The Brothers Karamazov

The Brothers Karamazov

by

Fyodor Dostoevsky

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The Brothers Karamazov: Part 2: Book 4, Chapter 2 Summary & Analysis

Summary
Analysis
Alexei first visits his father’s house. He wonders why Fyodor didn’t want Ivan to know about this visit. Marfa Ignatievna opens the gate for Alexei (Grigory is ill and in bed in the cottage) and tells him that Ivan left two hours ago. Fyodor is currently having his coffee. Alexei enters to find his father sitting alone at his table, “in his slippers and an old coat.” Smerdyakov, too, went out to buy groceries for dinner, so the old man is “quite alone in the house.” He looks “tired and weak,” and his forehead is bruised and bandaged. He asks Alexei why he’s come, then remembers that he asked him to do so. Fyodor then gets up, for perhaps the fortieth time that morning, to look at his swollen nose. He asks about Zosima. Alexei mentions that the monk may die within the day, but Fyodor doesn’t hear him and even quickly forgets the question.
Fyodor’s concern with his swollen nose is a point of conceit. Earlier in the novel, it is mentioned that he takes great pride in his hooked nose, which he sees as “Roman.” Dmitri’s attack, which results in an injury to Fyodor’s nose, seems to be also an attack on his pride. He’s so concerned with it that he forgets that he asked for Alexei’s company and takes no real interest in the answer to his own question about Zosima. He is also preoccupied with fear that Dmitri will return. It isn’t clear why Fyodor didn’t want Ivan to know about the visit; unless he simply wanted to be alone with Alexei, whose presence is comforting.
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Fyodor says that Ivan left because he’s trying to win over Katerina Ivanovna, and that’s also the reason why he’s living in the house. He thinks that Ivan is only keeping an eye on him to ensure that Fyodor doesn’t marry Grushenka. That way, he can push for Dmitri to marry Grushenka and Ivan can then get the rich Katerina all to himself. Fyodor concludes that Ivan is a scoundrel.
Fyodor assumes that everyone around him, except for Alexei, is as selfish and depraved as he is. He also imagines that everyone is plotting against his wish to marry Grushenka. Today, Fyodor would be regarded as a narcissist who only thinks of how others’ actions will affect him.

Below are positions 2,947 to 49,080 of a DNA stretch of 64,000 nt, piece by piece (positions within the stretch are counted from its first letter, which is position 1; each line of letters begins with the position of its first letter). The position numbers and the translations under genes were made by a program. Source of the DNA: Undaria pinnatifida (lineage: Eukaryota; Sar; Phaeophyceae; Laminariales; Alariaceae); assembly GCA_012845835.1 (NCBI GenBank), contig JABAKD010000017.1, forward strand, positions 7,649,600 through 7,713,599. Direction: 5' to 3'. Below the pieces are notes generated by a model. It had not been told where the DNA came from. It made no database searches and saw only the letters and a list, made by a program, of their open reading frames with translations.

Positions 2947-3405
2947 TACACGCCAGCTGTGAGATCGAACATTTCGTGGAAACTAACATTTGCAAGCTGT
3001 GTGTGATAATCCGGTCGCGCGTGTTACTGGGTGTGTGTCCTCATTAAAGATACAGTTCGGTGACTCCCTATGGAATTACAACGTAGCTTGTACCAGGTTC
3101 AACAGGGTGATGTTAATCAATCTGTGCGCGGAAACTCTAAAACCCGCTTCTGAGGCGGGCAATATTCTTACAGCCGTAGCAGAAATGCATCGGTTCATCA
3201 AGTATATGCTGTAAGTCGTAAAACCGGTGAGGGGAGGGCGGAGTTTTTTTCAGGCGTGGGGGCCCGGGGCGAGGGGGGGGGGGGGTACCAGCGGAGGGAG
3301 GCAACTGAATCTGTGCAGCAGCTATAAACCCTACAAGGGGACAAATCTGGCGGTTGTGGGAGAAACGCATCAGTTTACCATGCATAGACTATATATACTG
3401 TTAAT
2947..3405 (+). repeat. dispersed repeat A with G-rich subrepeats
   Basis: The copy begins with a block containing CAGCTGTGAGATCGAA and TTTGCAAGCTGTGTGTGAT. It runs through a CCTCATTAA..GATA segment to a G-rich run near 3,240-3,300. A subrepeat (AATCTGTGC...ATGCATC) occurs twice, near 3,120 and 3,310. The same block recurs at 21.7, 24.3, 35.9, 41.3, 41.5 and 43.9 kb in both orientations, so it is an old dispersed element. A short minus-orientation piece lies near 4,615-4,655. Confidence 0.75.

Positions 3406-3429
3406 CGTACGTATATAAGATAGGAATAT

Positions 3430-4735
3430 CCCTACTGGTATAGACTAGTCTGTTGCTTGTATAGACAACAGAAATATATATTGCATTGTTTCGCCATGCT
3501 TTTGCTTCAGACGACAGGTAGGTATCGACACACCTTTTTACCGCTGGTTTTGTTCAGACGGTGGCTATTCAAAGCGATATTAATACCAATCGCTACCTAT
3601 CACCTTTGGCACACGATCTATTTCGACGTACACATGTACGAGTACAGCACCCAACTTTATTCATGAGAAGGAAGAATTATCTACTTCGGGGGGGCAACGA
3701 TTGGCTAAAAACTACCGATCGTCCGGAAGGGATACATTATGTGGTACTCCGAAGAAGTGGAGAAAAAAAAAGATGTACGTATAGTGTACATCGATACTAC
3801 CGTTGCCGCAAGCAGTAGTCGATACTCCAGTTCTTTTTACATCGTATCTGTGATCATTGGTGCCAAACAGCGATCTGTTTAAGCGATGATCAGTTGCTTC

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Alexei tells his father that he seems “irritable” and advises Fyodor to go lie down. Fyodor says that he thought about filing charges against Dmitri, but Ivan talked him out of it. Fyodor says that the real reason why he chose not to have Dmitri arrested is because he knows that Grushenka would go to him at once if he were locked up. However, if she hears that Dmitri beat up “a weak old man,” she’ll visit Fyodor instead.
Fyodor’s obsession with Grushenka takes the form of making decisions based on her preferences and predictions about her possible actions. He knows that Grushenka is warm, despite her tendency for duplicity, and will often align herself with the person who seems to be suffering the most.
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Fyodor then says that Ivan won’t go to Chermashnya, which he thinks is further proof that Ivan wishes to spy on him and see how much money Fyodor will give Grushenka when she arrives. He decides that he won’t leave Ivan any money at all and won’t bother to leave a will. As for Dmitri, Fyodor tells Alexei that he’ll crush his eldest brother “like a cockroach.” Fyodor then asks Alexei if he thinks that Dmitri would disappear and give up Grushenka if Fyodor agreed to give him one or two thousand roubles.
Fyodor’s comparison of Dmitri to a cockroach harkens back to Dmitri’s description of the Karamazovs’ “insect sensuality.” They are all united, as Fyodor admits, in doing what makes them feel good, with little to no regard for others. Fyodor wants to pay Dmitri to disappear, which is possible, though the sum he’s suggesting falls short of the three thousand roubles that Dmitri wants and obsesses over.
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Alexei murmurs that he’ll ask Dmitri on Fyodor’s behalf, but suggests that the plan would be more successful if Fyodor offered three thousand roubles. Fyodor quickly changes his mind and says that he’ll not give Dmitri any money at all because he needs all of his money for himself. He then asks Alexei if Katerina Ivanovna will marry Dmitri or not. Alexei reports that Katerina won’t leave Dmitri. Fyodor says that ladies like Katerina love “rakes and scoundrels” like Dmitri and that “these pale young ladies” are really “trash.” Alexei then leaves. He kisses his father on the shoulder, which surprises Fyodor. He asks Alexei to return tomorrow for some fish soup. Fyodor gulps another half-glass of cognac before locking up the cupboard and going to bed.
Alexei spends much of the novel fostering communication between his father and brothers as part of the many errands he runs because he takes on others’ burdens. Similarly, Fyodor is right to think that much of what drives Katerina’s affection for Dmitri is his disobedience and her insistence that she can fix him. Fyodor contrasts Katerina’s delicate image with what he perceives to be her tendency to wallow in ill-repute. This show of affection surprises Fyodor, who has never been affectionate with any of his sons.
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